Acute Ventilatory Failure: Causes, Symptoms, Treatment

What is Acute Ventilatory Failure?

Acute Ventilatory Failure refers to the inability of the respiratory system to function normally and be able to pump in oxygen in the blood and eliminate carbon dioxide from the body. This inability results in the oxygen levels to become low which inadvertently affects the functioning of other vital organs of the body. It also results in a dramatic increase in the levels of carbon dioxide in the body which again is harmful and causes damage various body organs.

Acute Ventilatory Failure is determined to be a type 2 respiratory failure. It also results in the development of respiratory acidosis in which excess of carbon dioxide in the body causes the pH level of blood and other fluids in the body to increase significantly.

Respiratory acidosis in combination with increased carbon dioxide levels in the body gives rise to myocardial arrhythmias and put significant strain on the already compromised respiratory muscles further complicating the condition and drastically deteriorating the overall condition of the patient.

What are the Causes of Acute Ventilatory Failure?

Acute ventilatory Failure can be caused due to a variety of conditions of which chronic obstructive pulmonary disease or COPD stands out. Complications arising out of suboptimally treated VOPD may cause Acute Ventilatory Failure. Other intercurrent ailments like infections, pneumothorax, or thromboembolism also put strain on the respiratory muscles causing Acute Ventilatory Failure.

Obesity also plays a key role in the development of Acute Ventilatory Failure in people especially in the United States where it has taken the shape of an epidemic. Obesity causes sleep apnea which results in hypoventilation and ultimately causes Acute Ventilatory Failure.

What are the Symptoms of Acute Ventilatory Failure?

Difficulty breathing is the first sign of Acute Ventilatory Failure. This is followed by bluish discoloration around the lip and mouth area and the fingernails. Some of the neurological manifestations of Acute Ventilatory Failure are drowsiness, tremor, seizures, and ultimately coma. There will also be muscle wasting, fasciculation, and weakness.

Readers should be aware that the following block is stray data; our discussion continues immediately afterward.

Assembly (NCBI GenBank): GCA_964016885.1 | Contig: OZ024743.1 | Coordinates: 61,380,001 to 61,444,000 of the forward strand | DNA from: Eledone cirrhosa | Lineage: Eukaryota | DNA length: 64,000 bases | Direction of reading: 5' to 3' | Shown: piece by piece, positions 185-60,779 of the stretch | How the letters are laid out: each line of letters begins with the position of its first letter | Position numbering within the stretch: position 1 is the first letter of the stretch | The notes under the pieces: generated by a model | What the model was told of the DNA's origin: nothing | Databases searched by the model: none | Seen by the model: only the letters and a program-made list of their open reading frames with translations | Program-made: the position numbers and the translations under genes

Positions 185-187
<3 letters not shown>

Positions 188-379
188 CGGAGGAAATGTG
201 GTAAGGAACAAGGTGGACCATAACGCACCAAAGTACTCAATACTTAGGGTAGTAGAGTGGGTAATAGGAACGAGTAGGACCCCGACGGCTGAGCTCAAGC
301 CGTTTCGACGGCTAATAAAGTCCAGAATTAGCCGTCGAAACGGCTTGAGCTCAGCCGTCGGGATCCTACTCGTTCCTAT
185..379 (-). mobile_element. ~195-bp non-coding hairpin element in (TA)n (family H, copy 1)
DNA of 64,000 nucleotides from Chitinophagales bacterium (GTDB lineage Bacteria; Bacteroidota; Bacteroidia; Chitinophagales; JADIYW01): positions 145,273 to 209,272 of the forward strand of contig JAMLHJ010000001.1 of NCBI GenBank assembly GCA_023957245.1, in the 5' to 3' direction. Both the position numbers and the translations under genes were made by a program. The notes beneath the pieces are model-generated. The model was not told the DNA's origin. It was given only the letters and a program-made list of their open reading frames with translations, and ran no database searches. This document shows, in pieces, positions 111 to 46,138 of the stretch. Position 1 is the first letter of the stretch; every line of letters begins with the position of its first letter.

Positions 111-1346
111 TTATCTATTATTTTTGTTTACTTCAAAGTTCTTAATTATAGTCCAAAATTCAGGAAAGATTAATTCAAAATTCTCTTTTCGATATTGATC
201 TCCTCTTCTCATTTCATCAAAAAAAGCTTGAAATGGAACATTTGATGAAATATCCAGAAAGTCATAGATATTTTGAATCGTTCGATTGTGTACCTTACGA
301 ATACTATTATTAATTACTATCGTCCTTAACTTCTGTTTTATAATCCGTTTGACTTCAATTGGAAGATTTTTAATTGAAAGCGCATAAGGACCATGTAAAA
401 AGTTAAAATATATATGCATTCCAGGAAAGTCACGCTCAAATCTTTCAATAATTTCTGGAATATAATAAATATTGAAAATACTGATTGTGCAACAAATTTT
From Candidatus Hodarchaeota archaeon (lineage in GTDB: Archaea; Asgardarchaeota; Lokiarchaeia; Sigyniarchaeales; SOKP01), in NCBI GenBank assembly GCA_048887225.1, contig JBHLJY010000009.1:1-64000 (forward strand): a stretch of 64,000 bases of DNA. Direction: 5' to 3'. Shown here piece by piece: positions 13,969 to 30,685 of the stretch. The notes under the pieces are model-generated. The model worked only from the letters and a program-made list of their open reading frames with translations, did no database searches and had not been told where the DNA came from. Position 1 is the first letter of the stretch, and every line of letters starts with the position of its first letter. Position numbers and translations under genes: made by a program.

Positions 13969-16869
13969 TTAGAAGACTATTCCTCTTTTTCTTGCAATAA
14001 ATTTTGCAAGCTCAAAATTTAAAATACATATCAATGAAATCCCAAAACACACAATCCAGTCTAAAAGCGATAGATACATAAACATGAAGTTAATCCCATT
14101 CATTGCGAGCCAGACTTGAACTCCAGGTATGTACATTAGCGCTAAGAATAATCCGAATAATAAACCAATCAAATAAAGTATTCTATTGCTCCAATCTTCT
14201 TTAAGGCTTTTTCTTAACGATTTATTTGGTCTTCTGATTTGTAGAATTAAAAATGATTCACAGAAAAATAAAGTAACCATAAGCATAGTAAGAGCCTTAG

How is Acute Ventilatory Failure Treated?

The cornerstone of treatment of Acute Ventilatory Failure is supplying enough oxygen to the body such that all the organs work normally. However, the concentration of oxygen, how will it be given, and the duration of the therapy has to be clearly calculated before embarking on this form of treatment. Uncontrolled oxygen therapy can lead to respiratory depression, further increase in carbon dioxide levels, respiratory acidosis.

Medications are usually given for treating the underlying cause of Acute Ventilatory Failure. For people with COPD, bronchodilators are given for symptom relief and improvement in lung function. As the function of the lung improves the levels of carbon dioxide in the body will start to automatically decrease. For this, oral corticosteroids for COPD exacerbations can also be given to accelerate improvement in lung function. This normally lead to shorter inpatient stays and prolongs the time of ex acerbation of COPD.

For cases of respiratory acidosis due to Acute Ventilatory Failure mechanical ventilation may have to be given until the time the levels of carbon dioxide fall and normal functioning returns of lungs.

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